Commentary Magazine


Contentions

Ryan Crocker, Diplomacy, and the Iranian Elephant

Ryan Crocker has an op-ed in the New York Times today arguing that talking with Iran works. He bases his argument on his experience in Afghanistan, where in the days after 9/11, he took part in negotiations with Iran over that country’s fate. As Crocker writes:

The Iranians were constructive, pragmatic and focused, at one point they even produced an extremely valuable map showing the Taliban’s order of battle just before American military action began.  They were also strong proponents of taking action in Afghanistan. We met through the remaining months of 2001 in different locations, and Iranian-American agreement at the Bonn Conference on Afghanistan was central to establishing the Afghan Interim Authority, headed by Hamid Karzai, now the president of Afghanistan.

I continued to hold talks with the Iranians in Kabul when I was sent to reopen the United States Embassy there. We forged agreements on various security issues and coordinated approaches to reconstruction. And then, suddenly, it all came to an end when President George W. Bush gave his famous “Axis of Evil” speech in early 2002. The Iranian leadership concluded that in spite of their cooperation with the American war effort, the United States remained implacably hostile to the Islamic Republic.

Crocker is wrong. Never mind the fact that Iranian rhetoric toward the United States is ten times worse on a normal day. It’s important to consider what Crocker leaves out: In the months before President Bush’s “Axis of Evil” speech, Bush received word—intelligence about which Crocker was unaware—that Iran was creating a secret enrichment facility at Natanz. At the same time, after a hard-won ceasefire between Israel and the Palestinian Authority, Iran was busy seeking to smuggle in 50 tons of weaponry into the Gaza Strip. In effect, Crocker is like the blind man describing the elephant, willing to amplify the description of one aspect of Iranian behavior into wide-ranging conclusions, seemingly unaware that honest description of other parts of the beast suggested the opposite.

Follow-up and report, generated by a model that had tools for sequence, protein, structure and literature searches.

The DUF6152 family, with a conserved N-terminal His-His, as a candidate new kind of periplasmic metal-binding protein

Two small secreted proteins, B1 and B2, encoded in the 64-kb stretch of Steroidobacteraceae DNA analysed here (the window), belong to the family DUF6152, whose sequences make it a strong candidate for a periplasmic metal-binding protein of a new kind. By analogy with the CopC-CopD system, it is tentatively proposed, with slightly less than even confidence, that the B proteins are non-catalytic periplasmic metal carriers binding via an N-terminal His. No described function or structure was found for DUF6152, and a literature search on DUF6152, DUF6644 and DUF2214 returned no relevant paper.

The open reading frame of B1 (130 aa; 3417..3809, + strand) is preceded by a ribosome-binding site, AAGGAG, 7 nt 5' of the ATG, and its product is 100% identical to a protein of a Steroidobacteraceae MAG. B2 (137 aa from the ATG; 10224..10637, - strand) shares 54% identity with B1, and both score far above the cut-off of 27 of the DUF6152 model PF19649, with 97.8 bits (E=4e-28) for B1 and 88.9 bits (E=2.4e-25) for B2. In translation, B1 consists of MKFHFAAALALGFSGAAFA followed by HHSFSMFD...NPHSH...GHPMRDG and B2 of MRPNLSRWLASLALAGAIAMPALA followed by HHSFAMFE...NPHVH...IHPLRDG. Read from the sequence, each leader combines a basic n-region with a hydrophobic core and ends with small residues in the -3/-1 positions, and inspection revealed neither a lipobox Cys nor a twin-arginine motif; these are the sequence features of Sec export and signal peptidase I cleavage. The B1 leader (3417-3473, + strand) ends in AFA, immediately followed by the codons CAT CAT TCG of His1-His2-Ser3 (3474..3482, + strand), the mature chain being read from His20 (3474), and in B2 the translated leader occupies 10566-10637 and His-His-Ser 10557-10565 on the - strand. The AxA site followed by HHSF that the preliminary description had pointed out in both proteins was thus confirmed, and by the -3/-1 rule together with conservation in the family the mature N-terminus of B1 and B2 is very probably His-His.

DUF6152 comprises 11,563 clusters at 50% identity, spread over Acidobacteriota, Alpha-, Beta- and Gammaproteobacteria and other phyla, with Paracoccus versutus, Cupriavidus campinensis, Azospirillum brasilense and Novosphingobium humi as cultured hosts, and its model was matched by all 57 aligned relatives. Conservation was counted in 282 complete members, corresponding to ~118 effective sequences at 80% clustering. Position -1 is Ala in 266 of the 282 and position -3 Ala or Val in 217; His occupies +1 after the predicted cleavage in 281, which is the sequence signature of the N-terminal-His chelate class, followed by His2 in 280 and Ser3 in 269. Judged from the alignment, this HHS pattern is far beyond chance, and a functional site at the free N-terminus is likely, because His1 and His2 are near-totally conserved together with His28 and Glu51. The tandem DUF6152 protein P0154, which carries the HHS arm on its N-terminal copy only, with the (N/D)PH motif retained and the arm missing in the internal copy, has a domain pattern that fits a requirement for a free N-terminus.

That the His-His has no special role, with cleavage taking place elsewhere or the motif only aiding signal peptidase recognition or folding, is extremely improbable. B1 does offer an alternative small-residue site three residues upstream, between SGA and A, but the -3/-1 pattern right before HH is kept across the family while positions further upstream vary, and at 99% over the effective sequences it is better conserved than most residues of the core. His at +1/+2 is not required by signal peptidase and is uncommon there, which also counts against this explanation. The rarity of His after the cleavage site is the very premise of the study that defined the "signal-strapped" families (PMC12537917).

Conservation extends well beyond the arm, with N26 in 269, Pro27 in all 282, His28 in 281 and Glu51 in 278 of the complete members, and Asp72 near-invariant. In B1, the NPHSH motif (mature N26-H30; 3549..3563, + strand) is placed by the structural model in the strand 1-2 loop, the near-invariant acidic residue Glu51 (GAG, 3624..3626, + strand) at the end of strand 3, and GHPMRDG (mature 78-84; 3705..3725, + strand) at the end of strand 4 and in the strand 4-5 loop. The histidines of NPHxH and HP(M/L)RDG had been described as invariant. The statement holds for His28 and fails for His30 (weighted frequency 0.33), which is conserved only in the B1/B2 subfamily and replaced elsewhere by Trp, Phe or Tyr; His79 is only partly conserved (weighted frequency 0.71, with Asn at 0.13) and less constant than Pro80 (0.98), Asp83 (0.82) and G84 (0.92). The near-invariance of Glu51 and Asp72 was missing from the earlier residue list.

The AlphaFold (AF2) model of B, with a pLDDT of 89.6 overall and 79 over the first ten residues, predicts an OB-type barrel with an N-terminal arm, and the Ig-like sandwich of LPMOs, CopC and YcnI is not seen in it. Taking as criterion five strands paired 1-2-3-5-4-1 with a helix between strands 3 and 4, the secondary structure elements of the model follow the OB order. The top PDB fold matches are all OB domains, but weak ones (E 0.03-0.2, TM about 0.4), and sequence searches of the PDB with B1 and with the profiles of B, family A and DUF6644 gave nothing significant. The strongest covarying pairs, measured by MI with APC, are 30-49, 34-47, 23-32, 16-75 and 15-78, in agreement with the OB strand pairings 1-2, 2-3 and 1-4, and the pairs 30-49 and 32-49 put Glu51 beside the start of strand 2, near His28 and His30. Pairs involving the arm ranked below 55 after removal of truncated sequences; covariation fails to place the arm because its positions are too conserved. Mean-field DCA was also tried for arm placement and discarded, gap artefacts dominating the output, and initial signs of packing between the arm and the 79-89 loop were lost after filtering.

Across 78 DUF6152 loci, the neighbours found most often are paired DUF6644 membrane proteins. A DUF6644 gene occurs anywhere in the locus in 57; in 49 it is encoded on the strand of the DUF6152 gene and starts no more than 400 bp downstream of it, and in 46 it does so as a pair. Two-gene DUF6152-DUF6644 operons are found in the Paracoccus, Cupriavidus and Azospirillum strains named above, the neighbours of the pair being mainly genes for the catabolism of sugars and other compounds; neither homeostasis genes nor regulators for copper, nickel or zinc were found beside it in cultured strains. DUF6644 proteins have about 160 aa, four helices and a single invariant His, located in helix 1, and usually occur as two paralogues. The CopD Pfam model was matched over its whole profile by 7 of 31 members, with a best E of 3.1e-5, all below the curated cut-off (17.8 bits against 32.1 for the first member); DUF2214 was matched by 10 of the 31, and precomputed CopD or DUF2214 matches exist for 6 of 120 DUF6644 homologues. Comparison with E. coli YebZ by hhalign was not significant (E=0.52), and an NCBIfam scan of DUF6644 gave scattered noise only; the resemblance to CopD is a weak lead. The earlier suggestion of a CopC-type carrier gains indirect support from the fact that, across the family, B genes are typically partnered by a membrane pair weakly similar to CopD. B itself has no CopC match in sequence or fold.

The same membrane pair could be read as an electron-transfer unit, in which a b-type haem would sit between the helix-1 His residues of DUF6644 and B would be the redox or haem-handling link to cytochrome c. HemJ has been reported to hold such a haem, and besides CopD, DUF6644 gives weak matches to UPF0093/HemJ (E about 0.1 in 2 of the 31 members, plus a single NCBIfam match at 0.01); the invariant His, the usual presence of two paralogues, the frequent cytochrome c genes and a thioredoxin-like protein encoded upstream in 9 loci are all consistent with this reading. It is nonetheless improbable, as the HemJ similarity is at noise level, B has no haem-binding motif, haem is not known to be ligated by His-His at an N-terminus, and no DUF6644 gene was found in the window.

Nor does Crocker consider why Iran did cooperate in even a limited fashion in Afghanistan. Prior to 2001, Iran embraced a strategy of ethnic and Shiite solidarity in Afghanistan, in effect concentrating its efforts on the west, center, and north of the country. After 9/11, it decided it could exert its influence through the entirety of the country, in effect out-competing the United States.

Crocker cherry picks as well with regard to Iraq. He suggests that he held productive talks with Iran over Iraqi security in 2007, but never mentions that he had also held talks with Iran in 2003. The Iranians had at that time agreed to prevent the infiltration of the IRGC and IRGC-trained militias into Iraq. The Iranians—including Mohammad Javad Zarif, Crocker’s negotiating partner who is now Foreign Minister—lied. And as for 2007? In all likelihood, it was the surge which convinced Iran that their strategy would backfire rather than Crocker’s sweet words.

Crocker is an honorable man who has served well under the most difficult circumstances. But his policy judgment does not always match his reputation for wisdom. He has a long history of somewhat misguided faith in diplomacy. He has, after all, after retiring, testified in Congress in favor of talking to Hezbollah–a policy which would be counterproductive on any number of levels. Contrary to Crocker in the New York Times, talking does not always work. But for a diplomat to admit that would be to acknowledge that diplomacy is not the panacea so many diplomats which it to be.